On 28 April 2022, the Subsidy Control Act 2022 (the "Act") received Royal Assent.
The Act is expected to enter into full force in Autumn 2022, with the relevant date to be confirmed by the UK Government in due course.1
The Act is intended to consolidate and build upon the UK's existing international subsidy control commitments,2 while providing public authorities with the flexibility to grant subsidies at a local level by reference to UK-specific principles (including principles for subsidies in relation to energy and the environment).
Prior to the Act entering into full force, the UK Government is expected to (i) enact secondary legislation to enable the effective implementation of the Act; and (ii) publish further guidance addressing the practical application of the Act and its implications.
Signifcantly, key features of the new UK subsidy control regime introduced by the Act include:
- Focus upon self-assessment: Public
authorities will generally be able to self-assess by reference to
the relevant principles, and decide whether to (i) grant subsidies;
and/or (ii) establish schemes to enable the grant of
- Subsidies and subsidy schemes "of
interest": Where a public authority intends to
grant a subsidy or subsidy scheme "of interest", it may
request the UK's Competition and Markets Authority (the
"CMA") to review the intended grant, and
report upon this (as considered below). The UK Government may also
direct a public authority to request the CMA to review
and report upon a subsidy or subsidy scheme which is either
"of interest", or which risks non-compliance
with the Act.
- Subsidies and subsidy schemes "of particular
interest": Where a public authority intends to
grant a subsidy or subsidy scheme "of particular
interest", it must request
the CMA to review this before the intended grant is made.
What constitutes a subsidy or subsidy scheme "of
interest", or "of particular interest", presently
remains to be determined, with the UK Government consulting upon
draft definitions under the draft Subsidy Control (Subsidies and Schemes of
Interest or Particular Interest) Regulations 2022 (with
the consultation due to end on 6 May 2022).
- CMA's reporting upon subsidies and subsidy
schemes: Where the CMA reviews subsidies and
subsidy schemes, it will evaluate the relevant public
authority's self-assessment of the intended grant by reference
to the UK-specific principles, and prepare a non-binding report
detailing its findings, which may include advising upon:
- how the public authority's assessment may be improved;
- how the intended subsidy or subsidy scheme may be modified to
ensure compliance with the UK subsidy control regime.
- how the public authority's assessment may be improved; and/or
- Minimal financial assistance (i.e. a
UK-specific de minimis threshold): In
certain circumstances, the Act enables the grant of a
subsidy where the total gross value of assistance provided to the
enterprise in question does not exceed £315,000 over the
elapsed period of the current financial year, and the two financial
years immediately prior to this.
- "Steamlined subsidy control schemes" (i.e.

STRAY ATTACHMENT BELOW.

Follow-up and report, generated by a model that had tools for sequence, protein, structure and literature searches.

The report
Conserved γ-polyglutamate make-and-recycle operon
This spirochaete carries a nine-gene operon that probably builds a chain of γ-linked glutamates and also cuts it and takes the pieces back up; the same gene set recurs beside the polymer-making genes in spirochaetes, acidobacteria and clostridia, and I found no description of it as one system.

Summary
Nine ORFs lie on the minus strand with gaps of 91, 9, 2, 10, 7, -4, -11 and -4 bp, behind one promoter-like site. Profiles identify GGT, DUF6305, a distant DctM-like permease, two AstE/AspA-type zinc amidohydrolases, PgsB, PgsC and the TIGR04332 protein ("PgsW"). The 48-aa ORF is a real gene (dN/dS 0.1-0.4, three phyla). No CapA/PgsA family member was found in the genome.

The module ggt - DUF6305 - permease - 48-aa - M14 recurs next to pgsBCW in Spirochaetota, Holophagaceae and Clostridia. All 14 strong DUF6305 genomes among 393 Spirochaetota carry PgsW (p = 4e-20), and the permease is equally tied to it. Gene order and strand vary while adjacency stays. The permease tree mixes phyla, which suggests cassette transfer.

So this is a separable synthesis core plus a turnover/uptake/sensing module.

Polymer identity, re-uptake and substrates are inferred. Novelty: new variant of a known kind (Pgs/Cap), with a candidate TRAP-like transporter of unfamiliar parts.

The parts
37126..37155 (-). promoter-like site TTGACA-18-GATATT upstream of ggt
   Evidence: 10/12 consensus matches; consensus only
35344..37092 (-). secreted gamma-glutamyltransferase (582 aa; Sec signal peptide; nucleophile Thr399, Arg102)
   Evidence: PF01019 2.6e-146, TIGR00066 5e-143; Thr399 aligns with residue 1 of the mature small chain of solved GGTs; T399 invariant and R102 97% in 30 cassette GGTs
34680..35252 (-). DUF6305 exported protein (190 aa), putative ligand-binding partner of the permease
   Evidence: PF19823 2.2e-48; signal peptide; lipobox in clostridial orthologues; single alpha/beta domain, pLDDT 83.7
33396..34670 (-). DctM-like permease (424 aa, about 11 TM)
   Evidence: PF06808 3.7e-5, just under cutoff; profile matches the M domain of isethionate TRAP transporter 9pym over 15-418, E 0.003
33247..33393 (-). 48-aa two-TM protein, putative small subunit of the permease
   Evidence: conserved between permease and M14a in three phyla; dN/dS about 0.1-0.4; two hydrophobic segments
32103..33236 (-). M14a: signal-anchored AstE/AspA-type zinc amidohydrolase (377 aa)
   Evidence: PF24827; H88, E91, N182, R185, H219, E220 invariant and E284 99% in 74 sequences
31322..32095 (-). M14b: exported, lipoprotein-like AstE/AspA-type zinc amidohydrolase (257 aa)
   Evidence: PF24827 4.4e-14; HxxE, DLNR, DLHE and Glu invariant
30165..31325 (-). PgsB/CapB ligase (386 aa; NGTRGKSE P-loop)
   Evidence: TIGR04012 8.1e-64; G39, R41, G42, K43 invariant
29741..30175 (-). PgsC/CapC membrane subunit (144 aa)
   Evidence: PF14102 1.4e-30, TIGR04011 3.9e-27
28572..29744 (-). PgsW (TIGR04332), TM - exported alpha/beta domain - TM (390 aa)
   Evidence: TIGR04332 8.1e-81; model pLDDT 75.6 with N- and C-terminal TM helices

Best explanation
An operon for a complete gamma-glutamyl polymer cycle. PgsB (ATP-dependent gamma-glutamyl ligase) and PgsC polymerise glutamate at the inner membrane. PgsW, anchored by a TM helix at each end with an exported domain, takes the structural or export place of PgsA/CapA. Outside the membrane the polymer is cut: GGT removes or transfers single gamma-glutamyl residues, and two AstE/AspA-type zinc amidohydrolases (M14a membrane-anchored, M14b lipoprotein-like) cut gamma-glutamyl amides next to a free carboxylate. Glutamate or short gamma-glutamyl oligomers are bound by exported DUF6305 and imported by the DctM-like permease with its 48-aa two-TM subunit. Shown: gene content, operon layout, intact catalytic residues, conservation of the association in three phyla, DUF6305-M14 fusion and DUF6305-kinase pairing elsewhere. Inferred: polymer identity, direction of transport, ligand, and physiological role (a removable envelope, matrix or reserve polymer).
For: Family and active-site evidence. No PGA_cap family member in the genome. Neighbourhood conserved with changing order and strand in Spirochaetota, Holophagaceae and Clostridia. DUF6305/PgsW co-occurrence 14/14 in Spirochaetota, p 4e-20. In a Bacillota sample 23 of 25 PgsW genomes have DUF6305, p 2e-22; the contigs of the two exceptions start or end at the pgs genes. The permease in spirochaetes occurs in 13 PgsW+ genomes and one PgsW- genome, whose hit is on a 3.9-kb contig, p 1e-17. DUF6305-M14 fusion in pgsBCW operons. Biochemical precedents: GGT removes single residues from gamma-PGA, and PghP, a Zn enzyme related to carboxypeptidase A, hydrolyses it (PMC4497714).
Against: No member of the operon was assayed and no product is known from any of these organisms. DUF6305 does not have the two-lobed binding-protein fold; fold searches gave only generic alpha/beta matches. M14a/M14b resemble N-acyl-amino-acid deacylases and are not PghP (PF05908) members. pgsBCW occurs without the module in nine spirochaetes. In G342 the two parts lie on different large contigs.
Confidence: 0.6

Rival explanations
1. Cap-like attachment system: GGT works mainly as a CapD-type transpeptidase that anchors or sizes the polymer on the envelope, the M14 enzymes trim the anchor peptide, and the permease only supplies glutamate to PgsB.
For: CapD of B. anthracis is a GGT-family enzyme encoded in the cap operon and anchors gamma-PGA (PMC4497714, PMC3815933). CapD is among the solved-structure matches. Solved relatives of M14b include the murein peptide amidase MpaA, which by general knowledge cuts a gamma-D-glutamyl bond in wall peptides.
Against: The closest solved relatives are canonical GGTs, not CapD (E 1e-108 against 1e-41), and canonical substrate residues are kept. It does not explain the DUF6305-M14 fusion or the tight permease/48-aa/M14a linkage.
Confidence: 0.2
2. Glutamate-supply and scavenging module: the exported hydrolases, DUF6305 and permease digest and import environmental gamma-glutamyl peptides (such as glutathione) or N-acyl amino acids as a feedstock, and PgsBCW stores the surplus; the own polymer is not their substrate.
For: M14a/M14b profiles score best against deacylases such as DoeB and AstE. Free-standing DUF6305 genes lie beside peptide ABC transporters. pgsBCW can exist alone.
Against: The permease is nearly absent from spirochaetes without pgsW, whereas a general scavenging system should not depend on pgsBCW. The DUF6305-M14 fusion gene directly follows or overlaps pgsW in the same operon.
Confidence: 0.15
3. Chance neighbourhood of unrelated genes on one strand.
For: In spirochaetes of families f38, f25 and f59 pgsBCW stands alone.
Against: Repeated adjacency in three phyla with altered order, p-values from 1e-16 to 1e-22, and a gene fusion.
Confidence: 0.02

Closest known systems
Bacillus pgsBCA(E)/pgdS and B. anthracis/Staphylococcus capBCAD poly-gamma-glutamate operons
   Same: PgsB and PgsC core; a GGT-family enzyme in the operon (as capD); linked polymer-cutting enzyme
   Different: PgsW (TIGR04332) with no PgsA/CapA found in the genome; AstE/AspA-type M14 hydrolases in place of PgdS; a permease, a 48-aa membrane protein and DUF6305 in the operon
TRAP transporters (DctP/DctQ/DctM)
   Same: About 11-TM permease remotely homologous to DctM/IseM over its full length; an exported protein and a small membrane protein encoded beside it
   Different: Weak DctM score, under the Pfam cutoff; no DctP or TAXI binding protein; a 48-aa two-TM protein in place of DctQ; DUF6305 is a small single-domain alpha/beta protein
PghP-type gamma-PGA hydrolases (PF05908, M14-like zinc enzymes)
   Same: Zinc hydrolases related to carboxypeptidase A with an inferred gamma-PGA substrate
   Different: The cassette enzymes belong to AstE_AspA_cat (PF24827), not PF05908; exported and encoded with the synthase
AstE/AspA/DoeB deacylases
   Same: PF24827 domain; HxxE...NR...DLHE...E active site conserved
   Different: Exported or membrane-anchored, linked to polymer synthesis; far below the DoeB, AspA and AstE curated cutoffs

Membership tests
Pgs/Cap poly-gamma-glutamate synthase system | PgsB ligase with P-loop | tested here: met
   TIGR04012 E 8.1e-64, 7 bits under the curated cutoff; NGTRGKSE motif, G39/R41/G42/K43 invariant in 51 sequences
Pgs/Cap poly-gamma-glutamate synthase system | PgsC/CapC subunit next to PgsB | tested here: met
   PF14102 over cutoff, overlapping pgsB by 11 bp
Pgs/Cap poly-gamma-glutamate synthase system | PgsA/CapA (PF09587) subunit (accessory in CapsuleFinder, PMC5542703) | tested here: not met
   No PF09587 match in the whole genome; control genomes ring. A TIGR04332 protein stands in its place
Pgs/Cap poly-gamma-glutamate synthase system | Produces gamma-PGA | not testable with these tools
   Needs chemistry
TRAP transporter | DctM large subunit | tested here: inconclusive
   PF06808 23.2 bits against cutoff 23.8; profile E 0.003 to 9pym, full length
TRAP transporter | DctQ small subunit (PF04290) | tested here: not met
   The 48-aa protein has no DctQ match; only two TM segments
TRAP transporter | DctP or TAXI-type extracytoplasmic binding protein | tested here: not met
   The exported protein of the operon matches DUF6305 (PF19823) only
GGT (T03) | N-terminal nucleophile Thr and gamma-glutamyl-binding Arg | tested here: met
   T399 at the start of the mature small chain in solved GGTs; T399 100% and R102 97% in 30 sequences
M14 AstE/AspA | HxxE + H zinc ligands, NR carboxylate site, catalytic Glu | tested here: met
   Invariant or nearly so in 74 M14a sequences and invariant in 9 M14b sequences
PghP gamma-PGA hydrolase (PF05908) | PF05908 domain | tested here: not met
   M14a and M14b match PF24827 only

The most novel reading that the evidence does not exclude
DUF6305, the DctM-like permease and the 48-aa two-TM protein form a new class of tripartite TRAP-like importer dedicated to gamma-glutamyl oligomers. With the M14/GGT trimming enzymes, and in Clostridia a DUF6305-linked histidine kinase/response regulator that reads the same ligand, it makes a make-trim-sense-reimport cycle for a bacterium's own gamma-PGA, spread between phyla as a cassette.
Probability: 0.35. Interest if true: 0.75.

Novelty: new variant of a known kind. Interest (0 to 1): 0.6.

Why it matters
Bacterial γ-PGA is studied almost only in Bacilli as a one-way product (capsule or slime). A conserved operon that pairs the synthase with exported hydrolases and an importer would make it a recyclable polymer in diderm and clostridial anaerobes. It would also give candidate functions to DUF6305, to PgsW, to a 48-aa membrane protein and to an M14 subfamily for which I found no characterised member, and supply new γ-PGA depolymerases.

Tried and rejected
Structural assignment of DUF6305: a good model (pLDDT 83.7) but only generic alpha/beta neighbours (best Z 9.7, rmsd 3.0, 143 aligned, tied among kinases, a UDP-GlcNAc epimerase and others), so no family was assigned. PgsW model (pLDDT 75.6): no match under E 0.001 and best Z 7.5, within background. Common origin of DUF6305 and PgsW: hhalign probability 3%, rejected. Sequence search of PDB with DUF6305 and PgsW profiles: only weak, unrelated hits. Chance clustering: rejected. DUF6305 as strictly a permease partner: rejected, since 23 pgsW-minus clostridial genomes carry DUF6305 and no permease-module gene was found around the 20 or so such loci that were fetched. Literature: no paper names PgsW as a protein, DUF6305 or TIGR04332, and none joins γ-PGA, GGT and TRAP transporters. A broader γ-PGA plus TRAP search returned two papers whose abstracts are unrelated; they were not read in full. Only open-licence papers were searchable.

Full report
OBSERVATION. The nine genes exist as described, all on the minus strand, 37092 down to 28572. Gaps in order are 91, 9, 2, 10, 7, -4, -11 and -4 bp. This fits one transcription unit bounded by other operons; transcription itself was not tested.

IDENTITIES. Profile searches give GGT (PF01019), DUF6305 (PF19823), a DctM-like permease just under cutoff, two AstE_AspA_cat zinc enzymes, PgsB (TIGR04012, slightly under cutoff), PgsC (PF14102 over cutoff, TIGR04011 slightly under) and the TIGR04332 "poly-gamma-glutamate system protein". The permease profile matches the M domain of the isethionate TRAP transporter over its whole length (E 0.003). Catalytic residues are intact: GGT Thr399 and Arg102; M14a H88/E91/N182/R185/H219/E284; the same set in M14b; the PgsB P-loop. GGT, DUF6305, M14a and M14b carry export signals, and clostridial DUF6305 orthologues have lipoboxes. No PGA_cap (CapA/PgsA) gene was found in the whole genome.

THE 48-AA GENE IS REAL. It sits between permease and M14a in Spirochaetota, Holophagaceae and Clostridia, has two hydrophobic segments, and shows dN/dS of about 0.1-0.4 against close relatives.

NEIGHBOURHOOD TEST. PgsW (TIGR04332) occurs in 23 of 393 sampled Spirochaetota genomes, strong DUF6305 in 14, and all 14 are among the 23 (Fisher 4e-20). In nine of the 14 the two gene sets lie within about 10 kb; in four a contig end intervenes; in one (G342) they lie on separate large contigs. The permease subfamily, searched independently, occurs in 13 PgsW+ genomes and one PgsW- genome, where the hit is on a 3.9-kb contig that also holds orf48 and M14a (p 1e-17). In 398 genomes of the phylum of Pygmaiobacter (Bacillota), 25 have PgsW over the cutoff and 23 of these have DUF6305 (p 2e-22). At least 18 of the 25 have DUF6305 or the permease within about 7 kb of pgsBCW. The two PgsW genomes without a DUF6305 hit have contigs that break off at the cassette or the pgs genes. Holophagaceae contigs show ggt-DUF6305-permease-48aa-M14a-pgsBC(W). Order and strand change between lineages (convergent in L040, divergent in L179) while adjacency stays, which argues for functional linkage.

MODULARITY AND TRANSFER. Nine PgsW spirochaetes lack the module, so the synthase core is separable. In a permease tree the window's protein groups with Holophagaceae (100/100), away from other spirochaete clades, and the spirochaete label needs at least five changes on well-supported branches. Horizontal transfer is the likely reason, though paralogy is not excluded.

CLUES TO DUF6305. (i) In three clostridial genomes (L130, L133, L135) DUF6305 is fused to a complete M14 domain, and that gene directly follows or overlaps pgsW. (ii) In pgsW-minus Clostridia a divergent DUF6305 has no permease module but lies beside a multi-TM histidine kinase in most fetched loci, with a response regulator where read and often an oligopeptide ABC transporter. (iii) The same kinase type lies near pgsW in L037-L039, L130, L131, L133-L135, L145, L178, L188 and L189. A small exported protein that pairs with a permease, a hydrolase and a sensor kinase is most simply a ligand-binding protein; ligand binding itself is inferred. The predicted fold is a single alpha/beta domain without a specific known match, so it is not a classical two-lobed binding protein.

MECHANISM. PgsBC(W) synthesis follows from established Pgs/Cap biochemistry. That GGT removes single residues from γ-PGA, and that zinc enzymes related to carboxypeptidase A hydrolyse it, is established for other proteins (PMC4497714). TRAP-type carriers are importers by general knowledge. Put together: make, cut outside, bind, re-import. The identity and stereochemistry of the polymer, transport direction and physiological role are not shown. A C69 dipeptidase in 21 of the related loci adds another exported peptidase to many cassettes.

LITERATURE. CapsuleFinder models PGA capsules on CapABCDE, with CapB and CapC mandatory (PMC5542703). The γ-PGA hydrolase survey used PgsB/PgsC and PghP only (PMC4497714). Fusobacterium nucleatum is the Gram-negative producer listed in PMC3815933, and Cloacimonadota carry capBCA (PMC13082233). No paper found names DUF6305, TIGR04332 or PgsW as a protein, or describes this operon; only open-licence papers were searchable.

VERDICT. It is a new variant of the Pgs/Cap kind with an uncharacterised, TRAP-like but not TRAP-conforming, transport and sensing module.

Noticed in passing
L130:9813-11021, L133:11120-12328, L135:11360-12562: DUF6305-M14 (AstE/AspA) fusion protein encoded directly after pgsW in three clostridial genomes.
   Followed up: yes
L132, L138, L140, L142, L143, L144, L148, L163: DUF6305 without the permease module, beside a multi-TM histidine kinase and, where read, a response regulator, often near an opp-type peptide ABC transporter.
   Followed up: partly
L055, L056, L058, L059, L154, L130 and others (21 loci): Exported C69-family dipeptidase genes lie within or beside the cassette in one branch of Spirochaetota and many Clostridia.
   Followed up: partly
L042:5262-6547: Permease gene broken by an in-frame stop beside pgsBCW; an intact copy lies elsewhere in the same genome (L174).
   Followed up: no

UK-specific "block exemptions"): The
Act also provides for the possibility of so-called
"streamlined subsidy control schemes" being made by the
UK Government. Where such a scheme is established, the intention is
that public authorities will then only need to ensure that they
satisfy the applicable criteria of the relevant scheme in order to
grant subsidies under this.3 The use of streamlined
subsidy control schemes is expected to provide public authorities
with greater clarity and certainty when granting targeted
- Challenging decisions to grant subsidies and subsidy
schemes: An interested party aggrieved by a decision
is able to apply to the Competition Appeal Tribunal
("CAT") for the decision to be reviewed.
When determining an application, the CAT must apply the
same principles as would be applied (i) by the High Court when
determining proceedings on judicial review (in the case of
proceedings in England and Wales, or Northern Ireland); and (ii) by
the Court of Session on an application to the supervisory
jurisdiction of that Court (in the case of proceedings in
Scotland). The CAT is able to grant different forms of
relief, including making a recovery order if a subsidy
breaches the Act. Where a recovery order is made, amongst
- the public authority that granted the subsidy can be required
to recover the value of this from the beneficiary; and
- interest may be payable in relation to the subsidy to be recovered.
- the public authority that granted the subsidy can be required to recover the value of this from the beneficiary; and
The new UK subsidy control regime is expected to afford greater flexibility to UK public authorities, enabling them to provide targeted support to beneficiaries, in order to deliver UK-specific outcomes. The regime marks an obvious departure from the EU State aid regime, which necessarily adopted a wider frame of reference. The effective implementation of the UK's new regime will be key to its success, and further legislation and guidance is keenly awaited.
In the interim, pending the new regime entering into full force, the UK's existing international subsidy control commitments will continue to apply.
1. Notwithstanding the Act, EU State aid law continues to apply in the UK to measures that may affect the trade in goods between Northern Ireland and the European Union, and the production of wholesale electricity in Northern Ireland, pursuant to Article 10 of the Protocol on Ireland and Northern Ireland.
2. Including, for example, under the UK-EU Trade and Cooperation Agreement, and the WTO Agreement on Subsidies and Countervailing Measures.
3. Paragraph 10 of "Streamlined Routes: Objectives, Operation and Next Steps"
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